The carbon film thus formed is essentially in the form of a amorphous matrix in which diamond-like crystals are dispersed. This diamond-like carbon film has a high degree of biocompatibility and presents no problem of carcinogenicity. Furthermore, this diamond-like carbon film has a high degree of hardness and displays high transmittance of light in both visible and infrared regions.
The artificial crystalline lens of the intraocular lens of the present invention is preferably made of a PMMA resin. It should, however, be noted that the material of the artificial crystalline lens is in no way limited to PMMA resins and that the present invention also includes within its scope those intraocular lenses having a diamond-like carbon film formed on the surface of artificial crystalline lenses made of other suitable materials.
The following example is provided for the purpose of further illustrating the present invention but is in no way to be taken as limiting.
Intraocular lens samples were fabricated by forming diamond-like carbon films in varying thicknesses (5 nm, 10 nm, 40 nm, 100 nm and 750 nm) on artificial crystalline lenses of PMMA resin by a RF decomposition technique that was performed under the conditions shown in Table 1.
TABLE 1______________________________________CH4 gas pressure 1 × 10-3 TorrRF output 200 WSubstrate temperature 100° C.______________________________________
The light transmittance characteristics of the individual samples were investigated and the results are shown graphically in FIG. 2.
As is clear from FIG. 2, the artificial crystalline lens coated with a diamond-like carbon film in a thickness of 5 nm is not satisfactory as an intraocular lens since it admits some transmission of ultraviolet light harmful to the optic nerve and retina. With a diamond-like carbon film of 10 nm thick, the absorption edge exceeds 300 nm and the artificial crystalline lens substantially blocks the light in the near ultraviolet region while admitting high transmission of visible light. If the carbon film thickness is 100 nm, the lens completely blocks the light in the near ultraviolet region and yet retains the high transmission of visible light. As the film thickness exceeds 100 nm, transparency to visible light is gradually decreased and the intraocular lens will lose its function as an artificial crystalline lens.
It was therefore established from the experimental results shown in FIG. 2 that the appropriate thickness of the diamond-like carbon film to be deposited on the artificial crystalline film made of a PMMA resin is within the range of 10-100 nm.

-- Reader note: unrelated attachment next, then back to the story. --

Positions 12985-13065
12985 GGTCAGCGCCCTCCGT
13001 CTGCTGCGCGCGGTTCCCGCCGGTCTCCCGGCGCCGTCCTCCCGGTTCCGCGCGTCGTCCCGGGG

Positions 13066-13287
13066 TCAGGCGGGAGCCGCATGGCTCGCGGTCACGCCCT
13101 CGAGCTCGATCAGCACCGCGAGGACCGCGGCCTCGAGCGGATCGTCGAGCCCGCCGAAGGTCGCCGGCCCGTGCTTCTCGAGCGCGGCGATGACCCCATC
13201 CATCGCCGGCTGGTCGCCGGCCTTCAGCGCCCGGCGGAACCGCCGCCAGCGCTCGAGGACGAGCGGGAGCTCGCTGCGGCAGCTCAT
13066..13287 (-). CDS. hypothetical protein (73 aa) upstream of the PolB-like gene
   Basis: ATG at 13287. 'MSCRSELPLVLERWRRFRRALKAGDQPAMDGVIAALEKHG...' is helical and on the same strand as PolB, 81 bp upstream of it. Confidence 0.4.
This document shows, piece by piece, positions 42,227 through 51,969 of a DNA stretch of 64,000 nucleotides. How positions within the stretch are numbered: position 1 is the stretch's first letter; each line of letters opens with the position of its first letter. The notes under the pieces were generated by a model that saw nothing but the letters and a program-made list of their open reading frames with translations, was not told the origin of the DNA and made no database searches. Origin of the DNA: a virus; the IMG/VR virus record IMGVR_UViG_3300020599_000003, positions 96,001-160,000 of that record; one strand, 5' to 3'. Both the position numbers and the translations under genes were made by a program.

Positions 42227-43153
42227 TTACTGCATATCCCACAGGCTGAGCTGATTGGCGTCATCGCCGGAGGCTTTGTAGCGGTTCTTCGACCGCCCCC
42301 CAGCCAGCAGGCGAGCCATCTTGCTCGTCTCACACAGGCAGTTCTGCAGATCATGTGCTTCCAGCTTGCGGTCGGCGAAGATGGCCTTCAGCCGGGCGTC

As described above, an artificial crystalline lens made of a PMMA resin or some other suitable material that is coated with a diamond-like carbon film according to the present invention provides an intraocular lens that effectively blocks rays of light in the ultraviolet and near ultraviolet regions to produce visual sensation of color that is close to what is attainable by the natural eye's crystalline lens. Therefore, the intraocular lens of the present invention can be used without any potential damage to the retina by ultraviolet radiation. The diamond-like carbon film is hard and resistant to scratching that may occur during handling of the lens. The intraocular lens of the present invention has the additional advantage of affording high biocompatibility without causing an problem such as carcinogenicity.
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|U.S. Classification||623/6.57, 204/192.14|
|International Classification||A61L27/00, A61F2/16, A61L27/30, A61F2/00, G02B1/04|
|Cooperative Classification||A61L27/303, G02B1/043, A61F2/1613, A61F2310/00574, A61L2430/16|
|European Classification||G02B1/04B2, A61F2/16B, A61L27/30A|
|Feb 18, 1988||AS||Assignment|
Owner name: SUMITOMO ELECTRIC INDUSTRIES, LTD., NO. 15, KITAHA
Free format text: ASSIGNMENT OF ASSIGNORS INTEREST.;ASSIGNORS:TANO, YASUO;HOSOTANI, HISASHI;FUJIMORI, NAOJI;AND OTHERS;REEL/FRAME:004869/0031
Effective date: 19880212
Owner name: SUMITOMO ELECTRIC INDUSTRIES, LTD.,JAPAN
Free format text: ASSIGNMENT OF ASSIGNORS INTEREST;ASSIGNORS:TANO, YASUO;HOSOTANI, HISASHI;FUJIMORI, NAOJI;AND OTHERS;REEL/FRAME:004869/0031
Effective date: 19880212
|Sep 24, 1992||FPAY||Fee payment|
Year of fee payment: 4
|Sep 20, 1996||FPAY||Fee payment|
Year of fee payment: 8
|Sep 25, 2000||FPAY||Fee payment|
Year of fee payment: 12